[ILLUSTRATED KAISER'S VOYAGES TO THE OTTOMAN MIDDLE EAST] Hatirâ-i seyahât: Alman Imparatoru hasmetlü Vilhelm [Kaiser II. Wilhelm] ve Imparatoriçe Ogusta Viktorya [Augusta Victoria]...

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COMPLETE TITLE: [ILLUSTRATED KAISER'S VOYAGES TO THE OTTOMAN MIDDLE EAST] Hatirâ-i seyahât: Alman Imparatoru hasmetlü Vilhelm [Kaiser II. Wilhelm] ve Imparatoriçe Ogusta Viktorya [Augusta Victoria] hazretinin Dersaadet'i def'â-yi saniye olarak ziyaretleriyle Suriye seyahatlerine bir hatirâ-i nâçiz olmak üzere (Sabah) Gazetesi tarafindan Kariyan-i Osmaniyeye hediye edilmisdir.

Fine brown quarter leather bdg., brown boards with decorative embossing. Roy. 8vo. (24 x 17 cm). In Ottoman script (Old Turkish with Arabic script). 176 p., 33 unnumbered b/w plates of views of the Middle Eastern cities, Kaiser and queen's portraits, ills. of their maritime voyages, a general view of Beirut, a panorama of Jerusalem (in two pages), The Government House and Lake Tiberia in Beirut, a general view of Jaffa, churches and castles and Masjid-i Aksa of Jerusalem, Idlib, the interior of the Umayyad Mosque in Jerusalem, The Government House of Jaffa, Beirut - Damascus railways, street views and architectural buildings from Damascus, the market place of Jaffa, Bethlehem and the church, views of Trablus-Sam [i.e. Tripolis], ruins of Baalbek, and other numerous b/w photos, published for only this book. Slight stains on pages, a modern repair on a leaf with tape, otherwise a very good copy. Bound together with "Eski Sevda" which is a compilation of Turkish tales.

First and only edition of this richly illustrated scarce and uncommon book was printed for the German Emperor Wilhelm II and his wife Augusta Victoria, the commemoration of the construction of Alman Çesmesi [i.e. German Fountain] in Constantinople, and the first anniversary of the Wilhelm II's travel to the Ottoman Empire in 1898. The fountain's design was drawn by the architect Spitta and constructed by the architect Schoele with the German architect Carlitzik and Italian architect Joseph Anthony, working on the project. The fountain was built in Germany and then transported piece by piece to Istanbul, reassembled in its current site, and officially opened on January 27, 1901, on the birthday of German Emperor Wilhelm II.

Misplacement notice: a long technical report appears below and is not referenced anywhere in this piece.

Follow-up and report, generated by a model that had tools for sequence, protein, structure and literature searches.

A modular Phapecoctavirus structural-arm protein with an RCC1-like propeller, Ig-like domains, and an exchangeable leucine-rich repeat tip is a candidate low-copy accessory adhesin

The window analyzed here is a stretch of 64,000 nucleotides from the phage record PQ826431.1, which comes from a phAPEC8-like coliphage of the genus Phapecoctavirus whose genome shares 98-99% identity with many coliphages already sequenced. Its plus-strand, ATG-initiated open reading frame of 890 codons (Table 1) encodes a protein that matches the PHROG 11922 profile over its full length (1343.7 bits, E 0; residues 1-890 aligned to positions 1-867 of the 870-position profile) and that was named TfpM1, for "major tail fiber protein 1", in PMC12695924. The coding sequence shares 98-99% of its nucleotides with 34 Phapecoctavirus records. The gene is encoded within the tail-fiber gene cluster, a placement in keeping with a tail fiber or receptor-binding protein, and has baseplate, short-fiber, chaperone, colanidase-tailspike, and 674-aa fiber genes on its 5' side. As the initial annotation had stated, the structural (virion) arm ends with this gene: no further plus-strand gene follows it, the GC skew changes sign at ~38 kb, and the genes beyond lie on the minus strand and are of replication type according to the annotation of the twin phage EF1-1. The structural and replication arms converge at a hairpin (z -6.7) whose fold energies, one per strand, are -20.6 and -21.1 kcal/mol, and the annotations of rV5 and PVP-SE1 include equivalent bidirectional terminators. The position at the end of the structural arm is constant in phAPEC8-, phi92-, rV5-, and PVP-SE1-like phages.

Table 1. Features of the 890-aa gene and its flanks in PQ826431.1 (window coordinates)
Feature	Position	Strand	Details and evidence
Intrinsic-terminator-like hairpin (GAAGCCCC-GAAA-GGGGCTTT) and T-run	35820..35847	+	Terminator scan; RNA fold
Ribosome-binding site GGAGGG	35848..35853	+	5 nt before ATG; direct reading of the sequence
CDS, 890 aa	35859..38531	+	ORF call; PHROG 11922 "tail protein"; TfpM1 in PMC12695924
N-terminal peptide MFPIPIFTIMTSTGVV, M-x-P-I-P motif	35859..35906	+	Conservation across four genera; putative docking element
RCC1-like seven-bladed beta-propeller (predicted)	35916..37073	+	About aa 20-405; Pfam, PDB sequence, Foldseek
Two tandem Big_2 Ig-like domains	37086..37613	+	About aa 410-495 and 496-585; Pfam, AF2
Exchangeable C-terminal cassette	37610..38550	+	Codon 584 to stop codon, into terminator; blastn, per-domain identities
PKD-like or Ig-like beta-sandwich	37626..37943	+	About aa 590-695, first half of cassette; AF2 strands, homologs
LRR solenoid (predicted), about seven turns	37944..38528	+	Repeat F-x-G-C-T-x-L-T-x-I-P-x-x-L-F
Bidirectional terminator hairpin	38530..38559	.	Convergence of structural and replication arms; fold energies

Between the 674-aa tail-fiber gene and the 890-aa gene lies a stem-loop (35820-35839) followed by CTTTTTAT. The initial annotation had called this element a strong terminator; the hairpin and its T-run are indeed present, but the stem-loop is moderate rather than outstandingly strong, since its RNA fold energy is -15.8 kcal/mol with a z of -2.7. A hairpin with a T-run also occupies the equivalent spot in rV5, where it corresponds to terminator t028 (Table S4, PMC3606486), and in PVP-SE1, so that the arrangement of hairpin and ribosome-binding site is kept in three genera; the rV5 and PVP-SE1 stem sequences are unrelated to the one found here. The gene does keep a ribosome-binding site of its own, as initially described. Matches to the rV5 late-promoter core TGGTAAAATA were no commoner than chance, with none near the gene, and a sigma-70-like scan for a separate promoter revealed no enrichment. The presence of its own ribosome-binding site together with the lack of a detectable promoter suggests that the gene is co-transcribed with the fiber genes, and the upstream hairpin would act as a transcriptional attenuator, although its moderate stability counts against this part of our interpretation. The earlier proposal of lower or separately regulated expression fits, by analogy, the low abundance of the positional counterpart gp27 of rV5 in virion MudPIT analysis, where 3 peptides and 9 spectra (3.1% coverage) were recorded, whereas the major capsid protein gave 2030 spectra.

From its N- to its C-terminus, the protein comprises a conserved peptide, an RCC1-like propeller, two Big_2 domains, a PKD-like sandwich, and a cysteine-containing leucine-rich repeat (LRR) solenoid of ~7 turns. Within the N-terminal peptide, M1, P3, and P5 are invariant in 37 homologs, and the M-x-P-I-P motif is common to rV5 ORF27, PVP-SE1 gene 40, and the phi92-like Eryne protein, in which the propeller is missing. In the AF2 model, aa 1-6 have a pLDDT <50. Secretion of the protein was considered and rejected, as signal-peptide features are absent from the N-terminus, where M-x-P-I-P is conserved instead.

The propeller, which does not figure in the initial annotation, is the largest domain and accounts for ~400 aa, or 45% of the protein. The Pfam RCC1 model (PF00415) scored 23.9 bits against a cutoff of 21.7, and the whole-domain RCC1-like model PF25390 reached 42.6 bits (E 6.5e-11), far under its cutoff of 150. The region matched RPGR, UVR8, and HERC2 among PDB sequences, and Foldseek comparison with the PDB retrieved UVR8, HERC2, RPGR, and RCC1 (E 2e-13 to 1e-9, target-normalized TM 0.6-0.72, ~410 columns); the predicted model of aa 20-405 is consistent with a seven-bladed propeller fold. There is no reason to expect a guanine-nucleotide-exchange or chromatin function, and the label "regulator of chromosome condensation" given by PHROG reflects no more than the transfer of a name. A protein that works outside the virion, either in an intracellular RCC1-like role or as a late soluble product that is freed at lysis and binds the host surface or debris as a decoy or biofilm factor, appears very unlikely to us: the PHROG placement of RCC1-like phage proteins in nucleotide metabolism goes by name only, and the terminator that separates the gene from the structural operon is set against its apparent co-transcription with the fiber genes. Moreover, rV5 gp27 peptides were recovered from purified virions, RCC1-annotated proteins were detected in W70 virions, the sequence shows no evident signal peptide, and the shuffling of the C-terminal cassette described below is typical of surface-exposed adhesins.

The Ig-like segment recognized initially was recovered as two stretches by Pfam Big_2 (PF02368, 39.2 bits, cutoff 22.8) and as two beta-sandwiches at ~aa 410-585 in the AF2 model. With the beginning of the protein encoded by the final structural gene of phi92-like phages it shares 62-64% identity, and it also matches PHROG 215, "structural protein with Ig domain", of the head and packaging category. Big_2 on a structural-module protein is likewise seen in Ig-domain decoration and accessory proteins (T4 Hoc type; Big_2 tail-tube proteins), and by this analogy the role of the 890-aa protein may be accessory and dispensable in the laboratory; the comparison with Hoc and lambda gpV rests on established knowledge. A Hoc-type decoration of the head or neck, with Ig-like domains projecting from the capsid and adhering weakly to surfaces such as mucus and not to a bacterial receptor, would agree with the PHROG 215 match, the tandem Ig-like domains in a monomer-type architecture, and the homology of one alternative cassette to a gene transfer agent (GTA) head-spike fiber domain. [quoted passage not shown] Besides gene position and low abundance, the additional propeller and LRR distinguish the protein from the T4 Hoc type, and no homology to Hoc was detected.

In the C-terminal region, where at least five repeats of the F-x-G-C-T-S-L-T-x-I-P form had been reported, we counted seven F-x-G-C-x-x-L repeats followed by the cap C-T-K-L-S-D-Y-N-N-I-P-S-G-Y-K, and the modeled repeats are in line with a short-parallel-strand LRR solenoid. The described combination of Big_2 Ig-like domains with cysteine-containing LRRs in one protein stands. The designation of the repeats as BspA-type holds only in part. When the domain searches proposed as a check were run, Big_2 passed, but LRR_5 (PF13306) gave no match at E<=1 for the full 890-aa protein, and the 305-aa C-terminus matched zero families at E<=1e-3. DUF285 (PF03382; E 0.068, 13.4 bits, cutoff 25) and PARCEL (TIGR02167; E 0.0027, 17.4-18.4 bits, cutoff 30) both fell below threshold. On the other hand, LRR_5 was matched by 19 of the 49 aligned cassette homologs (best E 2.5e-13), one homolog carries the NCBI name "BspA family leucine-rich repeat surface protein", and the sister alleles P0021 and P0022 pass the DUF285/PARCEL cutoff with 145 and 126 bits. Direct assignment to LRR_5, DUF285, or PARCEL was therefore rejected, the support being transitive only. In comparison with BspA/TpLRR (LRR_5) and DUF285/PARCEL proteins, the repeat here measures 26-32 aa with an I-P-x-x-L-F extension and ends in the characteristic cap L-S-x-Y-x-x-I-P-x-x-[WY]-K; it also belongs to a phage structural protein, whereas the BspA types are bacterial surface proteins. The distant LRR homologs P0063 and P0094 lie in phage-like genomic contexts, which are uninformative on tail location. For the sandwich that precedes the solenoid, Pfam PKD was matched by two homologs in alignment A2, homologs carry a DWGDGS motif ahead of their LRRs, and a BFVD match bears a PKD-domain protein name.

Wilhelm II's voyage to the Levant in 1898 was a state visit that the German Emperor undertook in the Ottoman Empire between 25 October and 12 November 1898. The Kaiser started his journey to the Ottoman Eyalets with Istanbul on 16 October 1898; then he went by yacht to Haifa on 25 October. After visiting Jerusalem and Bethlehem, the Kaiser went back to Jaffa to embark on Beirut, where he took the train passing Aley and Zahlé to reach Damascus on 7 November. This book is richly illustrated including many views of the cities of this voyage's destinations like Jerusalem, Damascus, Beirut (Beirut), Jafa, Baalbek, etc. On 10 November, Wilhelm went to visit Baalbek before heading to Beirut to board his ship back home on 12 November. His visit spurred interest in the German Templer colonies in Palestine. One of the Kaiser's traveling companions, Colonel Joseph von Ellrichshausen, initiated the formation of a society for the advancement of the German settlements in Palestine, named the Gesellschaft Zur Förderung der Deutschen Ansiedlungen in Palästina, in Stuttgart. It enabled the settlers to acquire land for new settlements by offering them low-interest loans. A subsequent second wave of German settlers founded Wilhelma (named after the Kaiser, now called Bnei Atarot) in 1902 near Lod, Walhalla (1903) near the original Jaffa colony, followed by Bethlehem of Galilee (1906). The German Settlement Society successfully encouraged some of the Templars to return to the official, national Protestant Church. The non-Templar colony of Waldheim (now Alonei Abba) was subsequently founded next to Bethlehem of Galilee in 1907 by proselytized Templers now affiliated with the Old-Prussian State Church.

The visit resulted in the highest-profile political event in the life of Theodor Herzl, considered the founder of Zionism. Through the efforts of William Hechler, via Frederick I, Grand Duke of Baden, Herzl publicly met Wilhelm II three times during the voyage, once in Istanbul (on 15 October 1898) and twice in Palestine (29 October and 2 November). The meetings significantly advanced Herzl's and Zionism's legitimacy in Jewish and world opinion. (Wikipedia).

Only one copy in OCLC (Library of Congress. Karl Süssheim Collection, no. 1300): 900684728. Özege 7023.